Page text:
Are there any restrictions on foreign ownership of telecoms operators?
Technology (3rd edition)
There is no restriction on foreign ownership of network operators or service providers in the field of electronic communication services. The details is above in question 8.
The Dominican legislation only accounts to one such limitation and it is related to the ownership of broadband services which cannot be controlled by a foreign entity or individual. Except for broadcast services, there are no local ownership requirements or restrictions on foreign investment.
Law 153-98 as well as the Authorizations Regulation, stipulates that “as regards public broadcasting services…” individuals are required to be either “Dominican nationals by birth or naturalized foreigners”. The latter seeks to “maintain control on the management of the media concessionary enterprise”. Currently, there is no restriction in our legal framework that forbids or limits cross-ownership of different communication media. It is public knowledge that a few economic groups own an array of communications sources that include television channels, newspapers and radio stations.
Any transaction that involves the change of control of broadcast companies -i.e., radio, TV, cable- or the transfer of assets and frequencies are required to obtain the approval of INDOTEL. Likewise, the entity has the authority to analyse market conditions and consolidations, thus, exercising the faculty to impose specifics obligations when competitive conditions are negatively affected as a result of such transactions.
There are no restriction on foreign ownership for companies undertaking telecommunication or programming activities in Egypt.
Foreign investments in France may be subject to prior approval by the Ministry of Economy when pertaining to sectors which involve the country’s interests in terms of public order, public security or national defense. These interests are defined as including the integrity, security and operating continuity of electronic communications services and networks. Their scope was recently strengthened with regard to activities concerning technical equipment or devices for correspondence interception, remote detection of conversations, cryptology and more generally security provided by information technology products and systems.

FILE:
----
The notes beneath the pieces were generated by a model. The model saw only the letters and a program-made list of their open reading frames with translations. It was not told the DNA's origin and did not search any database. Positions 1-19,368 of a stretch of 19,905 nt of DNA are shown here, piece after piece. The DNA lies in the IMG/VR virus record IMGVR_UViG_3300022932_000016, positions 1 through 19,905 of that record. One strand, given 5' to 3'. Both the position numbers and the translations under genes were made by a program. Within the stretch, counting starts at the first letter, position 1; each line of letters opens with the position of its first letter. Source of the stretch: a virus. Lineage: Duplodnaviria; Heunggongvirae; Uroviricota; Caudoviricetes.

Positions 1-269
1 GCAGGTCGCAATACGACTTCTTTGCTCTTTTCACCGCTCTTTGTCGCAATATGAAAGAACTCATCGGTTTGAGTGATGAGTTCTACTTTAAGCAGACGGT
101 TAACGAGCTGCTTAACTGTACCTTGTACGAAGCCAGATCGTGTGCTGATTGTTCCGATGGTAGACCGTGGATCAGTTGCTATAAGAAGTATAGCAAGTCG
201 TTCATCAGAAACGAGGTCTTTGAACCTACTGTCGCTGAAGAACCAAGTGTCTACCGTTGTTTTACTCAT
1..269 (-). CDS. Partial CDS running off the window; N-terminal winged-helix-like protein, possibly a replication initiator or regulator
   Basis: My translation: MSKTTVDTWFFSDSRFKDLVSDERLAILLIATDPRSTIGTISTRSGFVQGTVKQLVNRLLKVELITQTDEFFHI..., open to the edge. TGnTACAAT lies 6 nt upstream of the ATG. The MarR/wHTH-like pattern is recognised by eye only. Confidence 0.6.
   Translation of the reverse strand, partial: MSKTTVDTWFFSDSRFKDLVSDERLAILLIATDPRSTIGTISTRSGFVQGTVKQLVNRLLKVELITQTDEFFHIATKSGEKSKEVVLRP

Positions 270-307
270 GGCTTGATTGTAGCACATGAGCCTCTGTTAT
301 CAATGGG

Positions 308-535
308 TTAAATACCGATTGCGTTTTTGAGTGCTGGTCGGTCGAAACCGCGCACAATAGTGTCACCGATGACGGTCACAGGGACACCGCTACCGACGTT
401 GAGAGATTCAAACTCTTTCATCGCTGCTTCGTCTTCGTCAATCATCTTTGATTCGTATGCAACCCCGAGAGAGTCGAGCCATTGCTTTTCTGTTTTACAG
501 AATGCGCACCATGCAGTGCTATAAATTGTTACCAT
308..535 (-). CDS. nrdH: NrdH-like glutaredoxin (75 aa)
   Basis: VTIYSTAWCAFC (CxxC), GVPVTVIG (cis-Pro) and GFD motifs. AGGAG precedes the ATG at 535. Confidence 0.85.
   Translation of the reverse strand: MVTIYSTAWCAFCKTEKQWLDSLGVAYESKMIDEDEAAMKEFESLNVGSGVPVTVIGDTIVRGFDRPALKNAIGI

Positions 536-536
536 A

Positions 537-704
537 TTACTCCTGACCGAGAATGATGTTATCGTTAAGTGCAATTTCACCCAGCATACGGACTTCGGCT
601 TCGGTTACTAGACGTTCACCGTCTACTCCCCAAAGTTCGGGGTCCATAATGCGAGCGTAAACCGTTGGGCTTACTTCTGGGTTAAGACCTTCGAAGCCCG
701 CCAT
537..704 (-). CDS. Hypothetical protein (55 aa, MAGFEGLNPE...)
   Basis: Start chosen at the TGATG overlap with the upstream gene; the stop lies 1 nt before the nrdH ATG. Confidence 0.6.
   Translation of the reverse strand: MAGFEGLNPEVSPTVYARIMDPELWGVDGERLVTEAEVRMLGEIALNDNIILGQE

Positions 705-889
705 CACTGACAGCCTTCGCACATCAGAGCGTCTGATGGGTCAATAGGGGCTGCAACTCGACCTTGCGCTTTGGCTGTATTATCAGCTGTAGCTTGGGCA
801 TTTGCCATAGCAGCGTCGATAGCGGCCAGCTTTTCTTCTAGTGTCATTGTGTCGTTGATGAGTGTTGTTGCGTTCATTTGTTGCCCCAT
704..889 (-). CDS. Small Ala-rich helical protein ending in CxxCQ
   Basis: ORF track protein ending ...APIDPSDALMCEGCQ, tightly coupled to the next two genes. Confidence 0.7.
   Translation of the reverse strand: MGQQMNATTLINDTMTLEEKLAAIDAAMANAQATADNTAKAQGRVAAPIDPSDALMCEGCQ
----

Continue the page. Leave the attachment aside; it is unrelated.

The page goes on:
Conversely, pursuant to the CPCE the ARCEP’s missions include laying down the conditions necessary to promote investment and innovation in improved and new generation infrastructure, taking into account the necessity to diversify investment risk “in a manner that respects competition in the market and the principle of non-discrimination”. In this respect, the ECEC purports to define more predictable rules for co-investment in order to promote risk sharing in the deployment of very high capacity networks. This may explain why the possible reinforcement of investment control regulations regarding investments by mobile telecom operators in 5G network equipment is the subject of much debate.
In general, the PRC has been gradually opening up more and more telecoms services to foreign investment. For example, under the most recently revised Negative Lists (effective 30 July 2019), there are now no longer any foreign investment restrictions applicable to call centre services in the PRC. However, there is still a complicated framework of foreign-ownership restrictions on telecoms operators (per the Catalog, the Negative Lists and other related regulations). For example, foreign stakes in BTS categories are statutorily restricted to 50% or less. The prohibitions and restrictions applicable to foreign participation in VATS sectors, in addition to being divided by categories and subcategories, are divided in terms of whether the foreign party seeking to participate in such activities is a qualified service provider established in Hong Kong or Macau, whether the investment is being made in a foreign trade zone of China or whether neither of the two preceding situations applies.
There are restrictions on foreign ownership of telecoms operators. According to regulations promulgated under the Communications Law, which set out the procedures and conditions for obtaining a general license for the provision of domestic, fixed or mobile services, or international telecommunications services, via public electronic communication networks, at least twenty percent (20%) of each of the means of control of the applicant for the license should be held directly by an Israeli citizen and a resident thereof, or by a company which is controlled by an Israeli citizen and resident therein (the 'Minimum Israeli ownership requirement').
According to the regulations with respect to narrowcasting television services, the Minimum Israeli ownership requirement is 26%.
No, save for the limitation already provided under query 2 above.
Under the Act on Nippon Telegraph and Telephone Corporation, Etc., one-third or more of the total number of the issued shares of Nippon Telegraph and Telephone Corporation (NTT Corporation) must be held by the Japanese government, and the aggregate voting rights of shares in NTT Corporation held directly or indirectly by (i) any person who does not have Japanese nationality, (ii) any foreign government or its representative or (iii) any foreign juridical person or entity (subject to the calculation method of indirectly held voting rights under the Act) may not exceed one-third of the total voting rights of the issued shares of NTT Corporation. There are also certain restrictions on foreign ownership under the Radio Act and the Broadcasting Act.
Furthermore, certain direct inward investments into Japan (e.g., acquisition of 10% or more of a listed company in Japan or any shares of an unlisted company in Japan) by foreign investors in the area of telecommunications business are subject to a prior filing requirement under the Foreign Exchange and Foreign Trade Act and could be subject to order of the Japanese government to change or stop the transaction (although such order has never been reported in the area of telecommunication business in the past).